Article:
C46.50 - Kaposi's sarcoma of unspecified lung

Version 2023
ICD-10:C46.50
Short Description:Kaposi's sarcoma of unspecified lung
Long Description:Kaposi's sarcoma of unspecified lung
Status: Valid for Submission
Version:ICD-10-CM 2023
Code Classification:
  • Neoplasms (C00–D48)
    • Malignant neoplasms of mesothelial and soft tissue (C45-C49)
      • Kaposi's sarcoma (C46)

C46.50 is a billable ICD-10 code used to specify a medical diagnosis of kaposi's sarcoma of unspecified lung. The code is valid during the fiscal year 2023 from October 01, 2022 through September 30, 2023 for the submission of HIPAA-covered transactions.

Unspecified diagnosis codes like C46.50 are acceptable when clinical information is unknown or not available about a particular condition. Although a more specific code is preferable, unspecified codes should be used when such codes most accurately reflect what is known about a patient's condition. Specific diagnosis codes should not be used if not supported by the patient's medical record.

Approximate Synonyms

The following clinical terms are approximate synonyms or lay terms that might be used to identify the correct diagnosis code:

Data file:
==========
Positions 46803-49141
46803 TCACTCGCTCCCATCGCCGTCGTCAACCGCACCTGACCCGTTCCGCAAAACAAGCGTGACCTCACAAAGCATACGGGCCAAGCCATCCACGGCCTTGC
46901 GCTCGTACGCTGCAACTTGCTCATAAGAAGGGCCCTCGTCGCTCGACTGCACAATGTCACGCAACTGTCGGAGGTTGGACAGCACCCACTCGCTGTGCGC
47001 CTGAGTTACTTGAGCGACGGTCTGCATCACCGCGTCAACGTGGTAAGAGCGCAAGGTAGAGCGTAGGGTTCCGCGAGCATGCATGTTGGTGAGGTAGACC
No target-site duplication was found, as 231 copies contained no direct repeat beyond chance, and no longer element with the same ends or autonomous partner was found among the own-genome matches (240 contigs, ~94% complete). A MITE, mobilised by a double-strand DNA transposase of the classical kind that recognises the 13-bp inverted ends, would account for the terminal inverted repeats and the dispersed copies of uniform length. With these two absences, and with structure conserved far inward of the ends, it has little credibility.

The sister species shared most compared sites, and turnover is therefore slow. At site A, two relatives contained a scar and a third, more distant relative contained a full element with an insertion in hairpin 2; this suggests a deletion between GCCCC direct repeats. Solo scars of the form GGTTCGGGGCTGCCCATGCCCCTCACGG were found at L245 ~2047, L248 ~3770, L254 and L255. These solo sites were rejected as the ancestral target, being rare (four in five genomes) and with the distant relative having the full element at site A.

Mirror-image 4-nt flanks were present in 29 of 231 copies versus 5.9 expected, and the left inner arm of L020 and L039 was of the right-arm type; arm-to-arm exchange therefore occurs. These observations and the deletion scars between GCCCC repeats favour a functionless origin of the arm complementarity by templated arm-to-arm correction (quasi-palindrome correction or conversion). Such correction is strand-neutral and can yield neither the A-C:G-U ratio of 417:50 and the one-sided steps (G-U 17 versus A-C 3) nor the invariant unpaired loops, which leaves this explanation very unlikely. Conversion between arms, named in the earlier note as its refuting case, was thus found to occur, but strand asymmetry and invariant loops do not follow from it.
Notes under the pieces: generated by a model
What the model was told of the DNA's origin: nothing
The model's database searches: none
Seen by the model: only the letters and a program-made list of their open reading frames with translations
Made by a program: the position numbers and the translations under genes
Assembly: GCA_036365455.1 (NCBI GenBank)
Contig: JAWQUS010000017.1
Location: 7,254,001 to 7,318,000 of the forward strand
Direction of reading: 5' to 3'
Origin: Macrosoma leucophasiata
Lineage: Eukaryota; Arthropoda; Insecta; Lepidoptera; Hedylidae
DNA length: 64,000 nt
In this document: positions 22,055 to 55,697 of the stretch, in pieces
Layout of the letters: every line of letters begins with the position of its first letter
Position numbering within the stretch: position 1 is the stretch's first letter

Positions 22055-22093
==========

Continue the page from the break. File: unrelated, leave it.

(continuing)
Convert to ICD-9 Code

Source ICD-10 CodeTarget ICD-9 Code
C46.50176.4 - Lung - kaposi's sarcoma
Approximate Flag - The approximate mapping means there is not an exact match between the ICD-10 and ICD-9 codes and the mapped code is not a precise representation of the original code.

Patient Education


Kaposi Sarcoma

Kaposi sarcoma (KS) is a cancer that causes patches of abnormal tissue to grow under the skin, in the lining of the mouth, nose, and throat, in lymph nodes, or in other organs. These patches, or lesions, are usually red or purple. They are made of cancer cells, blood vessels, and blood cells.

KS is caused by infection with human herpesvirus-8 (HHV-8). Most people infected with HHV-8 don't get KS. It usually happens in:

The skin lesions may not cause symptoms. But they can spread to other parts of the body, especially in people with HIV/AIDS. If they spread to the digestive tract or lungs, they can cause bleeding. Lesions on the lungs can also make it hard to breathe.

Treatment depends on where the lesions are and how bad they are. Options include radiation therapy, surgery, chemotherapy, and biologic therapy. People with HIV/AIDS also take HIV/AIDS medicines.

NIH: National Cancer Institute


[Learn More in MedlinePlus]

Soft Tissue Sarcoma-Patient Version

Learn about soft tissue sarcoma risk factors, symptoms, tests to diagnose, factors affecting prognosis, staging, and treatment.
[Learn More in MedlinePlus]

Code History